Note: The following piece contains descriptions of trichotillomania, a compulsive hair-pulling disorder.
A few months ago, I was at the store and I caught myself staring at a person with trichotillomania. I know it’s rude to stare. I really didn’t mean to. It’s just that it was obvious they had trich. They were missing most of their hair and weren’t even wearing a hat or wig to cover it up. And… it was my first time seeing someone, just like me, out in public.
For those of you who might not have heard of it before, trichotillomania is a mental disorder that causes a person to compulsively pull out their own hair. This can be hair anywhere on the body—although the scalp, eyebrows, and eyelashes are the most commonly affected areas. For me personally, my pulling is focused on my scalp. In other words, I, as an 18-year-old girl, have a buzz cut, and bald spots that take up approximately half of my head.
Learning to live with this condition has been an adjustment, to say the least. Before I decided to give myself a buzz cut, my pulling was so severe that it would often disrupt daily activities: I would get so caught up in pulling my hair that I would have to put down whatever book I was reading, or schoolwork I was trying to get done. In addition to making it harder to do things, it also made me achingly insecure about my appearance. I constantly worried that people were watching me, and couldn’t stop wondering what they were thinking when they saw me. With all that said, it shouldn’t come as a surprise that I was intrigued to see someone with the same condition out in public.
Not only that, but they looked amazing. After a minute of just watching them, thinking about how cool it was that they could look so good with hair like mine, I realized I’d been staring. I looked away, blushing and silently scolding myself.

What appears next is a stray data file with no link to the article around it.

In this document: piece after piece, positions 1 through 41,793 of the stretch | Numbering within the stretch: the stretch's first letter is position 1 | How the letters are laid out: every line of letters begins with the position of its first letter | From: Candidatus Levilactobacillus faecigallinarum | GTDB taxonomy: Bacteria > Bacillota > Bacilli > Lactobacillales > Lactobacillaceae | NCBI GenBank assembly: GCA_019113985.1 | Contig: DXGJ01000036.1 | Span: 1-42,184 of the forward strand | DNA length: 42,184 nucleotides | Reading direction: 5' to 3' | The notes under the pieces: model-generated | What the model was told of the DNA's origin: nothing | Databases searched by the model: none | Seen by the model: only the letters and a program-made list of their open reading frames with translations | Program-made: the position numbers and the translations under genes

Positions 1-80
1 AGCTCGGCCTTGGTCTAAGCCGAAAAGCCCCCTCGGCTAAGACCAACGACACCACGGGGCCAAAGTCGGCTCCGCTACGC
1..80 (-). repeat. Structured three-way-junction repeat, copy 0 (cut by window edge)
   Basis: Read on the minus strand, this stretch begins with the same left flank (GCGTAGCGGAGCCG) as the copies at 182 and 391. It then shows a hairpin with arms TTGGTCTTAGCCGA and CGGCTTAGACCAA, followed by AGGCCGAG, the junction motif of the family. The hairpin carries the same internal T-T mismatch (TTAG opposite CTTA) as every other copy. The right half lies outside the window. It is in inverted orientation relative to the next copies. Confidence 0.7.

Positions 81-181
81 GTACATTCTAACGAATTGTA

Because if there’s one thing I knew, it was how much it sucks to be stared at for how you look. During that time, I’d stopped leaving the house without a hat. The only photos I posted online anymore were of me wearing a wig or taken from just the right angle to hide bald spots. Even then, I always worried that people were noticing my hair, staring at it, and judging me for it.
A few months ago, I was at the store, and I caught myself staring at a person with trichotillomania… And I realized something that changed the way I feel about being stared at. Whenever I caught people glancing at or noticing my hair, I’d always assumed they were judging me. Thinking I was weird, freakish, maybe even contagious.
It had never occurred to me that people might be staring at me because they thought I was beautiful. Or brave. Or because they were dealing with the same things, and seeing me made them feel a little less alone in the world. Until I caught myself doing it, it had honestly never occurred to me that people might be giving me second glances for positive reasons.
Now, it’s something I remind myself of whenever I start to worry that people are noticing my bald spots. I know that not everyone who gives me a second glance is kind or educated on trich. But now I know that some of them are—which is something I’d never stopped to think about before.
Anyway, if you have trichotillomania and you’ve caught me staring at you: I’m sorry. I know it’s rude to stare. And I really didn’t mean to. It’s just so hard not to when I see someone as beautiful as you.
If you or anyone you know are struggling with trichotillomania, or any other mental disorder, you’re absolutely not alone in it. Please reach out to a doctor, therapist, or other mental health resources for help. And, for more info on BFRBs (Body-Focused Repetitive Behaviors, such as trichotillomania, dermotillomania, etc.), please go to www.BFRB.org.